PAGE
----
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Message 1280288 - Posted: 5 Sep 2012, 15:46:08 UTC - in response to Message 1280190.

I think its important to separate freedom of speech from freedom of the press as in my view they are different.


I could not have asked for a clearer illustration of how little Brits care about their freedoms.

Thomas Jefferson wrote:
Our liberty cannot be guarded but by the freedom of the press, nor that be limited without danger of losing it.


"Outraging Public Decency" is another matter altogether. It is classed as a lewd act in public, e.g. Nudity or urinating.


Not sure how your examples apply to the case of Rick Gibson.
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I think you'll find it's a bit more complicated than that ...

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Message 1280364 - Posted: 5 Sep 2012, 18:47:40 UTC
Last modified: 5 Sep 2012, 18:48:07 UTC

For those that have never actually read the 1st amendment:

Congress shall make no law respecting an establishment of religion, or prohibiting the free exercise thereof; or abridging the freedom of speech, or of the press; or the right of the people peaceably to assemble, and to petition the Government for a redress of grievances.
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Message 1280377 - Posted: 5 Sep 2012, 19:16:30 UTC

To illustrate: How many people have called our sitting President illegitimate - the birther controversy?

Can you imagine what would happen to a person saying that about the Queen?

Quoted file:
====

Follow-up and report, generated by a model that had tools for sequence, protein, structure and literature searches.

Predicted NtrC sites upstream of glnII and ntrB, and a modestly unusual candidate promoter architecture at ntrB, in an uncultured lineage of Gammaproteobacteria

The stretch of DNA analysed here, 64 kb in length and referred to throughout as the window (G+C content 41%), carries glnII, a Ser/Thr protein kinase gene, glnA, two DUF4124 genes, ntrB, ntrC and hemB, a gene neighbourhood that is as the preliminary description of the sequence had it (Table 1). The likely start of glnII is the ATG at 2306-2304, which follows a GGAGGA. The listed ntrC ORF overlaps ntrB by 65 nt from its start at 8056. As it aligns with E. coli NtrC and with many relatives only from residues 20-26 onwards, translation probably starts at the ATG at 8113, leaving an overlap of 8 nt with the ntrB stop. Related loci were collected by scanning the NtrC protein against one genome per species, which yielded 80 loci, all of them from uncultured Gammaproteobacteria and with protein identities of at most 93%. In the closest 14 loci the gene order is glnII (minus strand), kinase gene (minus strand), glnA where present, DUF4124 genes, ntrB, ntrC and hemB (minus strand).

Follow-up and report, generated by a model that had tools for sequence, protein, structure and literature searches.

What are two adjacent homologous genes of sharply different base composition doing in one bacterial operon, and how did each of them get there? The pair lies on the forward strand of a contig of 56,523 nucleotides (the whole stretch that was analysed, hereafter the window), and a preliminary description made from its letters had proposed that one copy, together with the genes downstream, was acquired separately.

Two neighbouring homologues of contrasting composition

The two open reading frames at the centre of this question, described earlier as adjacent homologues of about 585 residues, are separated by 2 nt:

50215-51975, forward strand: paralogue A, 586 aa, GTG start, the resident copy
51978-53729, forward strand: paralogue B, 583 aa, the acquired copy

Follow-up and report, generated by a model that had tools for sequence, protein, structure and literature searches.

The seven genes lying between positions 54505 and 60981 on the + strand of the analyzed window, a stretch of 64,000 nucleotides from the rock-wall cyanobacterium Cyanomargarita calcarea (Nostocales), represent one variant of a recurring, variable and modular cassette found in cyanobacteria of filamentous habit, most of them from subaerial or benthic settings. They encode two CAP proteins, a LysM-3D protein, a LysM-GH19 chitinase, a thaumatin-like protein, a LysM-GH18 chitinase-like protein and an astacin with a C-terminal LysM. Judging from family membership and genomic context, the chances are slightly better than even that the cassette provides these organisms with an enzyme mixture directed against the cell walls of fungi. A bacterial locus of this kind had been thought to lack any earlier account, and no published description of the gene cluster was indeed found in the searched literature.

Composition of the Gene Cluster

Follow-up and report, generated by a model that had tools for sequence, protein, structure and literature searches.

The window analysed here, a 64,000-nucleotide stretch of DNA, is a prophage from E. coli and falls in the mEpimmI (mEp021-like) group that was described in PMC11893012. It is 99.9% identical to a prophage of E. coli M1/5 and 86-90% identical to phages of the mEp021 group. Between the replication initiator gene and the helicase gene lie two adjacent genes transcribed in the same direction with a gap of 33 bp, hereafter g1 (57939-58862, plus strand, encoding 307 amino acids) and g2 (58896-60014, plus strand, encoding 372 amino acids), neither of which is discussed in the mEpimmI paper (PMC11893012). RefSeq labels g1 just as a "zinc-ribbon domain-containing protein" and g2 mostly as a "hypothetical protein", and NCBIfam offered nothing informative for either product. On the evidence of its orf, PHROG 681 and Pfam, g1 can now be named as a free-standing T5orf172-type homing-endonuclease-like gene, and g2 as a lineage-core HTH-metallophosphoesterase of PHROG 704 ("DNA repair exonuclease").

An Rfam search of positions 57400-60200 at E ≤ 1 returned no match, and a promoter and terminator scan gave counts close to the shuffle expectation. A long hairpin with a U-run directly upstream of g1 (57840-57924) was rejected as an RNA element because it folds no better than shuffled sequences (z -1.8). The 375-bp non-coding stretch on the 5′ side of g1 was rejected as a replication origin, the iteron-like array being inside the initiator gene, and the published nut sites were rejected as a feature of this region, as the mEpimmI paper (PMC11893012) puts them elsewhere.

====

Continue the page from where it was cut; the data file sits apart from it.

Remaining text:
In the USA I can burn the Stars and Stripes in front of the White House.

Can you imagine what would happen if I burned the Union Jack in front of Windsor Castle?


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Message 1280396 - Posted: 5 Sep 2012, 20:52:10 UTC - in response to Message 1280377.
Last modified: 5 Sep 2012, 21:02:00 UTC

To illustrate: How many people have called our sitting President illegitimate - the birther controversy?

Can you imagine what would happen to a person saying that about the Queen?


I suspect you would be considered a bit strange, then if you continued to press you point, you would probably receive a visit from the local police fore. If you managed to get the newspapers interested. Well who knows. I still believe unless you were suggesting the Queen should be tarred and feathered you would be seen as a bit of an eccentric. There are plenty of stories of Queen Victoria and the presents Queens late mother being illegitimate.